6.5 Chapter Review and Exercises
Conducting in-depth research is critical to all stages of your job search. The information you learn about your desired jobs, organizations, and industries helps to confirm the targets you selected from step 1. The research helps you better position your marketing from step 2. It enables you to land and conduct strong informational interviews, which is an important part of networking and interviewing in step 4. Research gives you data to troubleshoot your search as needed in step 5. It also gives you data to negotiate in step 6. Research is overlooked by many job seekers, so it is a powerful way to differentiate yourself as a candidate with genuine interest, commitment, and knowledge.
- Job seekers need to research information about specific jobs, specific organizations, and the overall industry.
- The information you gather enables you to confirm your targets from step 1 and tailor your marketing from step 2 to match the jobs, organizations, and industries you want.
- Job-specific research resources include job boards, trade and professional associations, biographies and business and news publications, and social media and online communities.
- For organization research, you also want to look at financial statements available via investor relations of a specific company, the SEC, the IRS, or aggregators such as Dun & Bradstreet, Hoovers, or Guidestar.
- For industry research, in addition to the resources listed for job and organization information, you want to look at industry associations.
- For ongoing news, set a Google Alert for keywords and specific organization names.
- Research is helpful in all stages of your search.
- Research can drive your search forward to networking meetings and interviews.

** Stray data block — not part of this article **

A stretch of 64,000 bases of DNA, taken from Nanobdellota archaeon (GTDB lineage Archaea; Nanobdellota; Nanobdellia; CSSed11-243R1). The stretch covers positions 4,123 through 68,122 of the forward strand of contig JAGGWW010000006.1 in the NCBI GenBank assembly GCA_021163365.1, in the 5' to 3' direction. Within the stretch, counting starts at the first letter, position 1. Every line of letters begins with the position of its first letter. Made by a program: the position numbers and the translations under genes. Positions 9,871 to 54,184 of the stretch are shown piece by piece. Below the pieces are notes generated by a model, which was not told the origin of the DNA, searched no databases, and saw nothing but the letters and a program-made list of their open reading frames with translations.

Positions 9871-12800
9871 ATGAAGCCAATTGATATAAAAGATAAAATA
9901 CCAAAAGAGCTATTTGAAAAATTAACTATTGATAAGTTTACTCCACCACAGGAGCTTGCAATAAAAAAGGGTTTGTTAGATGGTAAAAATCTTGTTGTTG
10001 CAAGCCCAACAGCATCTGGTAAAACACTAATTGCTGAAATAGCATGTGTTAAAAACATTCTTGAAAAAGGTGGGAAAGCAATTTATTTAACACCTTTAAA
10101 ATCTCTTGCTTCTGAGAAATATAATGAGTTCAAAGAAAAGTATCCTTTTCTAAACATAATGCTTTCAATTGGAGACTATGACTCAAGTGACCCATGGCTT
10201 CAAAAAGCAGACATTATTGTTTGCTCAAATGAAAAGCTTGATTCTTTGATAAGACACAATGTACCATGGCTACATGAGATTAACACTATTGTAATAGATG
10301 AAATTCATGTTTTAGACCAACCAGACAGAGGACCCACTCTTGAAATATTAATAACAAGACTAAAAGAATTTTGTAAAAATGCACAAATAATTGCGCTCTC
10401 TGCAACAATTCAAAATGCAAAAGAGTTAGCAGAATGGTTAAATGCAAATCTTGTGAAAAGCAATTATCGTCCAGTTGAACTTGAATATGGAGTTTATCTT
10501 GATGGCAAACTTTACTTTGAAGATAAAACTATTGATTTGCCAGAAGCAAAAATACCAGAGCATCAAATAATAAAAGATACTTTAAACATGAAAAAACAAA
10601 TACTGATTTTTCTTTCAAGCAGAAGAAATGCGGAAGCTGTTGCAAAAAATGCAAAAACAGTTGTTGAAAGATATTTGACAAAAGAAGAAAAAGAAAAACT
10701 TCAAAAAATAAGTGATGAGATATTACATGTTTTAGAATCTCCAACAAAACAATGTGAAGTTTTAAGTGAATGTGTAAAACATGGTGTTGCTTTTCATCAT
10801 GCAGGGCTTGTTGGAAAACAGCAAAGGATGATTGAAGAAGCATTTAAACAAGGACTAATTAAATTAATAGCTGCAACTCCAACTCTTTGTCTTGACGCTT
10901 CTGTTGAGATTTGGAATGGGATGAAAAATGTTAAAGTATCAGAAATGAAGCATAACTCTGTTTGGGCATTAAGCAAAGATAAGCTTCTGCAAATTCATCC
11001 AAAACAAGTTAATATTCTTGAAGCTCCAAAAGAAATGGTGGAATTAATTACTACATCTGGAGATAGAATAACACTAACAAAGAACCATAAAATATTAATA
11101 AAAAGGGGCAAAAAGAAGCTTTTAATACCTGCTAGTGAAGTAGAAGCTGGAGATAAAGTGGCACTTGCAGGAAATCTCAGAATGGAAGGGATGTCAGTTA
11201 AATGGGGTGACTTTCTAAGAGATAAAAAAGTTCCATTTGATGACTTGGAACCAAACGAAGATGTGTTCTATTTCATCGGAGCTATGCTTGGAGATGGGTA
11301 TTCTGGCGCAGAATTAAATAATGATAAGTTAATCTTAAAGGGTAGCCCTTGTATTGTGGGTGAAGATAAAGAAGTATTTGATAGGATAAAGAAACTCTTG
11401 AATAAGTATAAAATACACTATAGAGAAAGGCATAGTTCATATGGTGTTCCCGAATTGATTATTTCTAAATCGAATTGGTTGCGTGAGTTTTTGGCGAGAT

- Research into the hiring departments and managers can help you access jobs that aren’t posted—the hidden job market.
- Informational interviews confirm and refine existing research. They are not a shortcut or replacement for your own research.
- The best informational interviews are two-way exchanges of information where you share what you have learned, but also get to know the interviewee, their background, and their ideas.
- Try to get candid feedback on your competitiveness as a candidate. It is easier to get this candid feedback during informational interviews than during real job interviews.
- Use your research as a springboard for the interview questions to assure the interviewee that you are an insider and to give them ideas of what to talk about.
- Be polite before, during, and after the interview. E-mail is ideal for requesting an interview and for the thank-you.
- Use your informational interviews to get referrals for additional meetings.
- Why is research important to the job search?
- In what three areas do you want to focus your research?
- What resources will you use to find information about jobs, organizations, and industries?
- What is the hidden job market?
- How can research help you access the hidden job market?
- Why are informational interviews an important component of research and networking?
- How do you structure informational interview questions for maximum effectiveness?
- What are some sample informational interview questions?
- How do you use informational interviews to get additional meetings?
SuccessHawk: Research Jobs
Learn about jobs that interest you with O*Net, the US Department of Labor’s authoritative source of information about occupations in the United States, including employment data and salaries in your region. To access O*Net, click on “Career Exploration” in the right-hand menu bar under “Advice and Research” and scroll down the page to “Research Jobs.”
SuccessHawk: Research Industries
Use the Bureau of Labor Statistics’s Career Guide to Industries to explore industries that account for three out of four wage and salary jobs in the United States. This guide contains detailed information on forty-five diverse industries, including information about occupations in each industry, training and advancement, earnings, working conditions, and potential job prospects. To access the Career Guide to Industries, click on “Career Exploration” in the right-hand menu bar under “Advice and Research” and scroll down the page to “Research Industries.”